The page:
Major depressive disorder should be re-conceptualized as an infectious disease, argues neuroscience specialist Dr. Turhan Canli, PhD, Associate Professor of Psychology and Radiology at Stony Brook University. In a paper published in Biology of Mood & Anxiety Disorders, Dr. Canli suggests that major depression may actually result from parasitic, bacterial, or viral infection. He demonstrates evidence for this proposition using examples that illustrate possible pathways by which these microorganisms could contribute to the etiology of major depressive disorder.
Major depressive disorder (MDD) remains a highly prevalent disease, with an estimated 15 to 20 percent of the population experiencing MDD at some point in their lifetime. Recurrence rates are high — 50 percent for first-episode patients and 80 percent for second-episode patients — and pharmacological therapy, the most common approach to treatment, often proves insufficient. Due in large part to its chronicity, MDD is now the leading cause of disability in the U.S. and the second-leading cause of disability worldwide.
While we know that depression and other mental health problems arise when something goes wrong with brain function, what causes that malfunction remains unknown. However, preliminary evidence suggests that in some people, a serious infection or autoimmune disease could be the trigger.
“Given this track record of MDD, I propose reconceptualizing the condition as some form of infectious disease,” says Dr. Canli, who is also Director of Stony Brook’s SCAN Center, a member of the Program in Neuroscience, and a Senior Fellow in the Center for Medical Humanities, Compassionate Care, and Bioethics.
In the article, Dr. Canli presents three arguments highlighting why reconceptualizing MDD as an infectious disease may be a fruitful endeavor.
First, he points out that patients with MDD exhibit illness behavior such as loss of energy, and that inflammatory biomarkers in MDD also suggest an illness-related origin. Second, he describes evidence that parasites, bacteria and viruses that infect humans in a way that alters their emotional behavior. Thirdly, Dr. Canli presents the notion of the human body as an ecosystem for microorganisms and the role of genetics.
Dr. Canli’s research builds on a growing body of evidence linking various infectious agents to the development of depressive symptoms. Past studies have shown that many common pathogens — including those that cause syphilis, Lyme disease, HIV and herpes infections — are associated with an increased risk of MDD and other mood disorders.
The strongest evidence comes from a 2013 study in which researchers investigated the co-occurrence of mental disorders and infectious diseases in the Danish population. Among the 92,000 participants diagnosed with a mood disorder, approximately 36,000 had suffered a severe infection or developed an autoimmune disease (such as type 1 diabetes, celiac disease, lupus, and the like) at some point before being diagnosed with the mood disorder.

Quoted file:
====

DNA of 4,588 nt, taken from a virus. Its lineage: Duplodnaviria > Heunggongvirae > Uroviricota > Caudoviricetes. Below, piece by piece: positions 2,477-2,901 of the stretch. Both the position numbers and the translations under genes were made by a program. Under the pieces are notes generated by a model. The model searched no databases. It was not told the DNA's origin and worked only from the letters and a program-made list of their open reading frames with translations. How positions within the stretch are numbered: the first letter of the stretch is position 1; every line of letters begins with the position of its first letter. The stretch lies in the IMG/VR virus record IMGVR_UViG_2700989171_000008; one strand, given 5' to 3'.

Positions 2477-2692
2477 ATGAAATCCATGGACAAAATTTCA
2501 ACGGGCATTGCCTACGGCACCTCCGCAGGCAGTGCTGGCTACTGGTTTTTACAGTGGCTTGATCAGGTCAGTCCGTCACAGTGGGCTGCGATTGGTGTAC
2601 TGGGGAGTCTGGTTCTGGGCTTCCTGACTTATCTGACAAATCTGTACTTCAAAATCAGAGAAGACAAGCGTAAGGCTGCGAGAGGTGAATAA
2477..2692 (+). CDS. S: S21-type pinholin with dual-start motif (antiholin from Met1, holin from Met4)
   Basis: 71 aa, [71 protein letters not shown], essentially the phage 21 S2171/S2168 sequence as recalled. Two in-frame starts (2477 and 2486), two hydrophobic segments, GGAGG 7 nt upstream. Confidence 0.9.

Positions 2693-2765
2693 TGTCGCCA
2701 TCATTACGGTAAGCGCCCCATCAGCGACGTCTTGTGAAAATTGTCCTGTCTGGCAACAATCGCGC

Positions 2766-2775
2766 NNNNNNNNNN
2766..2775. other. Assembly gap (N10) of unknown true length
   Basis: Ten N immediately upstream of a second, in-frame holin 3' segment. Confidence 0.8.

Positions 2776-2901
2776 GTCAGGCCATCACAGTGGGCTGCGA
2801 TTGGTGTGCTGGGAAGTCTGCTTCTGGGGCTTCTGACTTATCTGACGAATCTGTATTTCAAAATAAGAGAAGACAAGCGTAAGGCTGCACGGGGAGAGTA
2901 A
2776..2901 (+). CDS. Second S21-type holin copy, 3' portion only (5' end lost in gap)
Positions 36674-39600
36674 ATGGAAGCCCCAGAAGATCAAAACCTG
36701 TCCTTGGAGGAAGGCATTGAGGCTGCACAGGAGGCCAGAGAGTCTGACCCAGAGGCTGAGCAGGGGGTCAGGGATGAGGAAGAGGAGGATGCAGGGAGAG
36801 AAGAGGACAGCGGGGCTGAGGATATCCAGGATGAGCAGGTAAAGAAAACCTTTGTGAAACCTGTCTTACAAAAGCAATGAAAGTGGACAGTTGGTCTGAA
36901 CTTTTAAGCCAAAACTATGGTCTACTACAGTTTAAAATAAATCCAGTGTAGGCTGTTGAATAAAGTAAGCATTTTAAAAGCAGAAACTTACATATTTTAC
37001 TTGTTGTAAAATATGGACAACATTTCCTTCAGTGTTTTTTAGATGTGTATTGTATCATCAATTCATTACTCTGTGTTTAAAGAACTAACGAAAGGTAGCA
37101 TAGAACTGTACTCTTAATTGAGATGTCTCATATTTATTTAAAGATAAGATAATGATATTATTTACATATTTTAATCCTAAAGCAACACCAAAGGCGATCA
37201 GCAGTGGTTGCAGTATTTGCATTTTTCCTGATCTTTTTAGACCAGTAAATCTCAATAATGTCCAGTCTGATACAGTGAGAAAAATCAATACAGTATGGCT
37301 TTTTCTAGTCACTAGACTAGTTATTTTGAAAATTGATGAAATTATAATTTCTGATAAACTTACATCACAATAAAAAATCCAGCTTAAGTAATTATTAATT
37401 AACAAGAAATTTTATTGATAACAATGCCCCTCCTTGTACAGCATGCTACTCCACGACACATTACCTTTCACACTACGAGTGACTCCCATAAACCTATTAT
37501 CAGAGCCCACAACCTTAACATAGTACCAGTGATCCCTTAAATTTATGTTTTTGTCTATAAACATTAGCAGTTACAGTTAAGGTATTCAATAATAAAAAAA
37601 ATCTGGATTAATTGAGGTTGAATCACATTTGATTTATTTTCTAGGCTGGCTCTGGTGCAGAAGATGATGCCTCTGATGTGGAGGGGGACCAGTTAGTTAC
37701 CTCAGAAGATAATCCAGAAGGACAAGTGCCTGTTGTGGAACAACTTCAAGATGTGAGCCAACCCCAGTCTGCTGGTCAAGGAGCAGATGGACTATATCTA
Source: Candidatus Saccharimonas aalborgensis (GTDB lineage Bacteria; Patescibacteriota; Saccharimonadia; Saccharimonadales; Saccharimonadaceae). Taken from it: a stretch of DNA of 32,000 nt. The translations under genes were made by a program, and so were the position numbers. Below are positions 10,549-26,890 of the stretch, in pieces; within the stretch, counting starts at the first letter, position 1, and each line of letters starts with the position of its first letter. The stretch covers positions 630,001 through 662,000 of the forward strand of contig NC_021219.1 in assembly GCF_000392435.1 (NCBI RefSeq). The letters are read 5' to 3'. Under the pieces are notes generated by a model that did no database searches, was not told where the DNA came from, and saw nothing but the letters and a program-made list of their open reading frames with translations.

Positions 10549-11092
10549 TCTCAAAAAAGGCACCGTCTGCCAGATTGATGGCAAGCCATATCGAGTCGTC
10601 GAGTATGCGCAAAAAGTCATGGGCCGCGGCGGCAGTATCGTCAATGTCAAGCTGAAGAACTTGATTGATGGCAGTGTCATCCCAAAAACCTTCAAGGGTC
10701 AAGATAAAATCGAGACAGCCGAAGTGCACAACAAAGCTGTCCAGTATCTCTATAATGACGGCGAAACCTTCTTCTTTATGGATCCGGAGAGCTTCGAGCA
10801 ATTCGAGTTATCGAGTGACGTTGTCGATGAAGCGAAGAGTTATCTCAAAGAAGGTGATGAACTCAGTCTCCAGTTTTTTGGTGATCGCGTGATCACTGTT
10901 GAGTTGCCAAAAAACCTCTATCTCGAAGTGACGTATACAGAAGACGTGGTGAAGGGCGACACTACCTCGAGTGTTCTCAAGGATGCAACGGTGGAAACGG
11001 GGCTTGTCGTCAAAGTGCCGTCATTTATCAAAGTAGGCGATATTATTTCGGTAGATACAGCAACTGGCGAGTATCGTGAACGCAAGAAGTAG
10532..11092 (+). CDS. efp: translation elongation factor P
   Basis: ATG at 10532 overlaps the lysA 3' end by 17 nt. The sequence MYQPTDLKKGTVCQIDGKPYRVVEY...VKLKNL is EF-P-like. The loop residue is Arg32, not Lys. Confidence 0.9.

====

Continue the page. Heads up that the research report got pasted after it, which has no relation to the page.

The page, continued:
Upon analysis, the researchers found that people who had been treated for a severe infection were 62 percent more likely to have developed a mood disorder than those who never had one. An autoimmune disease increased the risk by 45 percent, while multiple infections or the combination of severe infection and an autoimmune disease boosted the odds of developing depression, bipolar disorder, or another mood disorder even further, the results showed.
The team behind that study estimated that in the Danish population, severe infection and autoimmune disease account for approximately 12 percent of mood disorders. However, they were unable to determine causality as the study was observational in nature.
Further research needed to determine causal aspects of MDD
So how might an infection or autoimmune disorder lead to a mood or other mental health disorder? Infection causes localized and body-wide inflammation. Inflammation generates substances called cytokines that have been shown to change how brain cells communicate. In autoimmune diseases, the body’s defense system attacks healthy tissues rather than threatening invaders. It’s possible, then, that in some cases the wayward immune reaction could target brain cells and other nerve cells throughout the body, ultimately leading to pathology in the brain.
Because the causal aspects of MDD and other mood disorders are not clearly defined, research on their etiology remains paramount to help improve treatments and reduce the substantial burden of depressive disorders. Dr. Canli suggests a major research step would be to conduct large-scale studies with depressed patients, controls, and infectious-disease related protocols to determine the association or causal nature of infectious disease and depression.
“Future research should conduct a concerted effort search of parasites, bacteria, or viruses that may play a causal role in the etiology of MDD,” he says.